The CCP is still powerful and influential, with more than 90 million party members and 88 million members of the Chinese Communist Youth League. It’s entirely plausible that if reform becomes necessary, the CCP could reform within the current political system. Historically, the party has been able to renew itself, which is why the CCP has survived into the 21st century. New technology including the internet, smartphones, and AI could help develop democracy and also enhance the CCP’s power to stabilize society. The CCP could cut off the internet to prevent massive public gatherings if it becomes necessary, as other countries have done.
Despite these realities, the United States has not abandoned its illusions about the CCP. After Mao died, the U.S. had high expectations for Deng Xiaoping, and then Jiang Zemin and Hu Jintao. However, these hopes were dashed as none of those leaders proved at all interested in true political reform. Similarly, many hoped that Xi Jinping would become China’s Gorbachev. Unexpectedly, Xi has returned China to the “red” era. Xi has denounced Gorbachev as a traitor who sold out his homeland and caused disaster for his people. Now, he backs Russia countering the U.S. and its allies. There is a simple truth here: All the top leaders of the CCP are fundamentally the same because they are produced by – and must represent the interests of – the party.
Without a doubt, a high percentage of Chinese people are losing faith in the Xi regime. However, the Chinese middle class are the greatest beneficiaries of the CCP’s policy, and they are not willing to turn against the party under current circumstances.
Practically speaking, there is no spark to trigger a massive movement. There have been a couple of large democratic movements under the communist regime, the April 5 Tiananmen Incident in 1976 and the June 4 Tiananmen Square Incident in 1989. They were triggered by the death of Premier Zhou Enlai and General Secretary of the CCP Hu Yaobang, respectively. Each was a beloved figure seen as representing the people’s interests.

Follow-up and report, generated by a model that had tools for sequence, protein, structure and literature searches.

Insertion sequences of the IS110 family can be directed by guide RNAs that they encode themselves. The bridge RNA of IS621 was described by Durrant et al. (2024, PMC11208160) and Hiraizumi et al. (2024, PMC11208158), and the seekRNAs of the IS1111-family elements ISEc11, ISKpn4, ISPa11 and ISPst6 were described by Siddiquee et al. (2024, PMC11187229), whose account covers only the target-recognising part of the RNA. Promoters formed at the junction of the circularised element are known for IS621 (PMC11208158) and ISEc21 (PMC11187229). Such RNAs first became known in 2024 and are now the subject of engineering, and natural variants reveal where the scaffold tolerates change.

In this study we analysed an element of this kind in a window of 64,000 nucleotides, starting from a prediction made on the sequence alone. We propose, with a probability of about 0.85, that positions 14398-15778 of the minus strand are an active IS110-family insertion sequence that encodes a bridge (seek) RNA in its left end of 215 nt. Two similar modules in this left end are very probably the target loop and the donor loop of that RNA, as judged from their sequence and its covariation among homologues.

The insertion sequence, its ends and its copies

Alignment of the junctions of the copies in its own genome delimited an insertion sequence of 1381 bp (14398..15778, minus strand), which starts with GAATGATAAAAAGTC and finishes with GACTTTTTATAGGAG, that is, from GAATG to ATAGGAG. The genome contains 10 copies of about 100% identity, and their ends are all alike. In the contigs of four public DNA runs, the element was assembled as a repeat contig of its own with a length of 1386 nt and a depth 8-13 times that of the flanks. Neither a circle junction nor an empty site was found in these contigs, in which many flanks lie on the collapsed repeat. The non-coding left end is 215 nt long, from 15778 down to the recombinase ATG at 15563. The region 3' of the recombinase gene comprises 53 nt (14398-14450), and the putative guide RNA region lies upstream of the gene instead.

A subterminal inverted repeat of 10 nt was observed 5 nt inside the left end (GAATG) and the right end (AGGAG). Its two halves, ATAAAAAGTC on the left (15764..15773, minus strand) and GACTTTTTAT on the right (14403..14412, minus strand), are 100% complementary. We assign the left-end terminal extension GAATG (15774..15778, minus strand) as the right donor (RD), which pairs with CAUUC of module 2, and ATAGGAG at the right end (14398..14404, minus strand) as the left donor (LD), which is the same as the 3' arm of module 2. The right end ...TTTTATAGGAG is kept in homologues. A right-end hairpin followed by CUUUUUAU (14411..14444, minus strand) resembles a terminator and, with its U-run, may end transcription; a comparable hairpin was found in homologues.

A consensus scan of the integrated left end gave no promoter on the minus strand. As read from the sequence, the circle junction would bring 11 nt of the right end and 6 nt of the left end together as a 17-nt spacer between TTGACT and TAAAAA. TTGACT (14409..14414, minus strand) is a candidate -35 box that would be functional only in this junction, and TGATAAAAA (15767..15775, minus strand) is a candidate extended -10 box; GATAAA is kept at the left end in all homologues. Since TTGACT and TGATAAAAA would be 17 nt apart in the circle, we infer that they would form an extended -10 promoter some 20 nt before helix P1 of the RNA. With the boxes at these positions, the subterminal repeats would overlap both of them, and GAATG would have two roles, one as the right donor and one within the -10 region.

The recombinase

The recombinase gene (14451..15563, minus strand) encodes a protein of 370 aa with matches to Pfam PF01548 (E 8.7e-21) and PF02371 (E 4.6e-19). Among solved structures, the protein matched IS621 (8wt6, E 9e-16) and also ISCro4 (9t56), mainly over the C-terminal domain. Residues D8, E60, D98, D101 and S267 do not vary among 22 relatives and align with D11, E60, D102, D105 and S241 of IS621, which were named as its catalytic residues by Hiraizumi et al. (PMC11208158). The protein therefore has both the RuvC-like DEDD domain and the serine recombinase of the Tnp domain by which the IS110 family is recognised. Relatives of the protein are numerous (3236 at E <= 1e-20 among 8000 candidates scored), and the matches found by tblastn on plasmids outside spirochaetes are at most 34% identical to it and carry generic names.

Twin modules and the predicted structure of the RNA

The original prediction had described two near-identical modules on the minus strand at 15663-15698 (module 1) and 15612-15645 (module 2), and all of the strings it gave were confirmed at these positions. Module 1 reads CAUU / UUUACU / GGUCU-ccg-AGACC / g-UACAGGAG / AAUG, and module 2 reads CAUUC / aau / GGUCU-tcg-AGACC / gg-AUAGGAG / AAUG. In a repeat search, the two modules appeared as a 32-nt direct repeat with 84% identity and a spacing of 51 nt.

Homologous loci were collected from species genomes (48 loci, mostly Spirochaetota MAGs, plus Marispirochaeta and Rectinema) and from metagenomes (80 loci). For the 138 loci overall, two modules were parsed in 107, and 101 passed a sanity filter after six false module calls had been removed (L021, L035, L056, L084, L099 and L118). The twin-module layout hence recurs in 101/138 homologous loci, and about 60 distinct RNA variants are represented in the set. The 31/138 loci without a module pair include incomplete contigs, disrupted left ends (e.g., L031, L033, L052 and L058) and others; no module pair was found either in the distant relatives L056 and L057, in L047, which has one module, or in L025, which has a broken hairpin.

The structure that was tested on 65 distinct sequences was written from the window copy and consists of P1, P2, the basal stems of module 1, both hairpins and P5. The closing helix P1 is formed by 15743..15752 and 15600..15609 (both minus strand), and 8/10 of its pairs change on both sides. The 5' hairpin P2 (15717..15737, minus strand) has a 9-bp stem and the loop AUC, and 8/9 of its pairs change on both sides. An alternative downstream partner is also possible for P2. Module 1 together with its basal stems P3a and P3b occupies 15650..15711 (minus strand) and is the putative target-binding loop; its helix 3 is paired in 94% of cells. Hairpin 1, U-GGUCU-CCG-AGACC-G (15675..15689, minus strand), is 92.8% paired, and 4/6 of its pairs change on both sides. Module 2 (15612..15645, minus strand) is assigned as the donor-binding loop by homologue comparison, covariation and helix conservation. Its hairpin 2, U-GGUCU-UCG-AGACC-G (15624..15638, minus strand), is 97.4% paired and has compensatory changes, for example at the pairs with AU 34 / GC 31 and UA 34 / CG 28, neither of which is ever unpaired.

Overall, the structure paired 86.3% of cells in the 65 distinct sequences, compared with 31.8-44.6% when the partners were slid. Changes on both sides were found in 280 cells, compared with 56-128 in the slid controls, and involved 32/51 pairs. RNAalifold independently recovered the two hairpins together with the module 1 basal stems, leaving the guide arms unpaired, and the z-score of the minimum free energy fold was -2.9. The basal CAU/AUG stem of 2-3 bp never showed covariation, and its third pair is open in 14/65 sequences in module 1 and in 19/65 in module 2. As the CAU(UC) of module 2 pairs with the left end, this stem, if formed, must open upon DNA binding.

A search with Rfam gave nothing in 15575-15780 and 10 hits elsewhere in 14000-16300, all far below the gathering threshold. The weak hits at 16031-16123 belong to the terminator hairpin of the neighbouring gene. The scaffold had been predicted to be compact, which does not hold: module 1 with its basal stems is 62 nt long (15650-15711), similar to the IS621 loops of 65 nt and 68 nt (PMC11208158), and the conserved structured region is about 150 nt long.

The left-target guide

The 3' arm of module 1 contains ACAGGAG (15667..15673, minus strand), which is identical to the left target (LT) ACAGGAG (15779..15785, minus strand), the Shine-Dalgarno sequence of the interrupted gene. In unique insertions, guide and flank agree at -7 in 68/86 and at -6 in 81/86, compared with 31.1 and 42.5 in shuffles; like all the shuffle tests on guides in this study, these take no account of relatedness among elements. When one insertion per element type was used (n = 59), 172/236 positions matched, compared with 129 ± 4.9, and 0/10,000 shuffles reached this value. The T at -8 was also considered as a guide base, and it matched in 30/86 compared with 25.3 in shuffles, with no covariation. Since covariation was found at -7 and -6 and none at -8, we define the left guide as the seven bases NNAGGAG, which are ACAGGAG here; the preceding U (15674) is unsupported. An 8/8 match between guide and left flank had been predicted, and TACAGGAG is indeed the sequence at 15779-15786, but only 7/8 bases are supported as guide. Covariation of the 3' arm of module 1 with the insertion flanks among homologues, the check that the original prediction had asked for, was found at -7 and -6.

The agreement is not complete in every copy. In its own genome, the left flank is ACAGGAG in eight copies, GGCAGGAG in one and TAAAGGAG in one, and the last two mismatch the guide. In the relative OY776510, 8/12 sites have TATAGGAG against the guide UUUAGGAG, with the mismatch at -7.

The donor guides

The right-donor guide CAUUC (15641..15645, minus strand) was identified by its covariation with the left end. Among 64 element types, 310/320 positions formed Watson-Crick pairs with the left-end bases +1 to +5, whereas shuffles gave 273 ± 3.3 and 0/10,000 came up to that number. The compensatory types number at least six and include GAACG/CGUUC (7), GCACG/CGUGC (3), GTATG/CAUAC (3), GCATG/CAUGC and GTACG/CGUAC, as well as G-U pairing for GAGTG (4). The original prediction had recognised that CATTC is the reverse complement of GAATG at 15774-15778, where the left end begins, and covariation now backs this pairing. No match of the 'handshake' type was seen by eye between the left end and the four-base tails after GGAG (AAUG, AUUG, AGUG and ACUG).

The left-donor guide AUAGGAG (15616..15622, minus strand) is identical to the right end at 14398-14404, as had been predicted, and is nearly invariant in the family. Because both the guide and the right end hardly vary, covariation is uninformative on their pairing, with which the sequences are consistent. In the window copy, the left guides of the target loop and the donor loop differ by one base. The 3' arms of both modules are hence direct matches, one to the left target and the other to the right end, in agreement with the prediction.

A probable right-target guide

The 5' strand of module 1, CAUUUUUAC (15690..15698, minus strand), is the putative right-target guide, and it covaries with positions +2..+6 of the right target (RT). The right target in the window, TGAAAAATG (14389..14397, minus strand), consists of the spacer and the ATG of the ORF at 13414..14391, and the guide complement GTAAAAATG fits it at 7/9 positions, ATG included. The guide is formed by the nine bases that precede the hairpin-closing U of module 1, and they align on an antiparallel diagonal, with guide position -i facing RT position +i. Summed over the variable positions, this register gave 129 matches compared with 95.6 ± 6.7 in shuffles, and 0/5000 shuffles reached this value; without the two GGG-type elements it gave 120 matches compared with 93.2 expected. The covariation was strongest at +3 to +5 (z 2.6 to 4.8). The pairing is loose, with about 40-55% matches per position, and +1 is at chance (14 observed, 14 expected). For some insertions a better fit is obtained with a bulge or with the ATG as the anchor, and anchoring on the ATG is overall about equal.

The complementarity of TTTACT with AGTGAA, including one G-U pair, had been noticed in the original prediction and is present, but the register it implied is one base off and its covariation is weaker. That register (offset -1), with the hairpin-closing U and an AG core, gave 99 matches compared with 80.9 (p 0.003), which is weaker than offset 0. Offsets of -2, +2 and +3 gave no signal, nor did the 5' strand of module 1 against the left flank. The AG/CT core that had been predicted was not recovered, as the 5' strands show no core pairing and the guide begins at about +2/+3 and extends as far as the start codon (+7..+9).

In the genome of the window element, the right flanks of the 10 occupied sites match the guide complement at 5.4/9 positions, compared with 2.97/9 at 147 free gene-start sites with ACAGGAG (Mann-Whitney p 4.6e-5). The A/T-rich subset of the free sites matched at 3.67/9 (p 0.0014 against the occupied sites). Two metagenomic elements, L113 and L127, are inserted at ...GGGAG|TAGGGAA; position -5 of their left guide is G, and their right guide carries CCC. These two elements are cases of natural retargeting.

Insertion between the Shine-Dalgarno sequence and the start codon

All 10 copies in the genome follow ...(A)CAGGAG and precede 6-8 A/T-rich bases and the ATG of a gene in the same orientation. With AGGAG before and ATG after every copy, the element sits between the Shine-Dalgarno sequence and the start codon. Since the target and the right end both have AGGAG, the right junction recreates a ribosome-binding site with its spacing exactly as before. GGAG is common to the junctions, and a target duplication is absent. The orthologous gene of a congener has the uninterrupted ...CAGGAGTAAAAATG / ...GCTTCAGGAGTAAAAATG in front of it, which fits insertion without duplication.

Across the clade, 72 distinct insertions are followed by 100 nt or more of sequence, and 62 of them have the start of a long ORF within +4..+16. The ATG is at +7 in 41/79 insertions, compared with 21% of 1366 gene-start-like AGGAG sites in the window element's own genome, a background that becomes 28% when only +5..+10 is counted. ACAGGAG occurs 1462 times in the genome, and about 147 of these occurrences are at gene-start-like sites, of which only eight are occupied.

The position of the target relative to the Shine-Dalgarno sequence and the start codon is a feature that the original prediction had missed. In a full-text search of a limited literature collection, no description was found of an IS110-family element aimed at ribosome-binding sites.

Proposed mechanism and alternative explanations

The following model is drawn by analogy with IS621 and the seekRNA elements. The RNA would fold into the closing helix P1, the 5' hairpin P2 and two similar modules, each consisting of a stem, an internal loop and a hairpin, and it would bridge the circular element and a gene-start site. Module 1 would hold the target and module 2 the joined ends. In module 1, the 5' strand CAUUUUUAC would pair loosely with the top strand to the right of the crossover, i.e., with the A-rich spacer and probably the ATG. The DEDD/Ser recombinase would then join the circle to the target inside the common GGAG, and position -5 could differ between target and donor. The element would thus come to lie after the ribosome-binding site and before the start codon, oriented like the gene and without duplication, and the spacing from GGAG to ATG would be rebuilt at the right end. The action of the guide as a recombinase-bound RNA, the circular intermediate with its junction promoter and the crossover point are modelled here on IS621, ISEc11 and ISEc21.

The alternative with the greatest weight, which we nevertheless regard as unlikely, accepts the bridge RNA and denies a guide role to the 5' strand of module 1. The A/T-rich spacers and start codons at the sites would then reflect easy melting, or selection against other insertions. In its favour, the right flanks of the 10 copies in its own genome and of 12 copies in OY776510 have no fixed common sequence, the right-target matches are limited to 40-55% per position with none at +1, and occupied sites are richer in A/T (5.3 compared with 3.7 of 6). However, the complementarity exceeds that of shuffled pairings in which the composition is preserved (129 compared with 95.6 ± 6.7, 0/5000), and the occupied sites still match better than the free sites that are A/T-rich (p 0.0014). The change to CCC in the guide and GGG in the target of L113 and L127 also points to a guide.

There is speculation that the central government is preparing for the death of the former top leader of the CCP, Hu Jintao. Even if this happens in the near future, Hu is not inspiring enough for his death to spark a massive political movement against Xi’s regime. Moreover, after the 20th Party Congress, most other factions of the CCP’s high level leaders have been eliminated. The seven current members of the Politburo Standing Committee are all members of Xi Jinping’s inner circle. There is no one who is willing to turn against Xi or capable of replacing him.
Xi’s regime will not come to an end because of China’s faltering economic development. Overemphasizing the possibility of Xi Jinping’s downfall does not serve American national interests. Instead, it motivates the CCP to renew itself to compete with the United States, even as it could lead the United States to indulge in complacency and lose the opportunity to make another American century.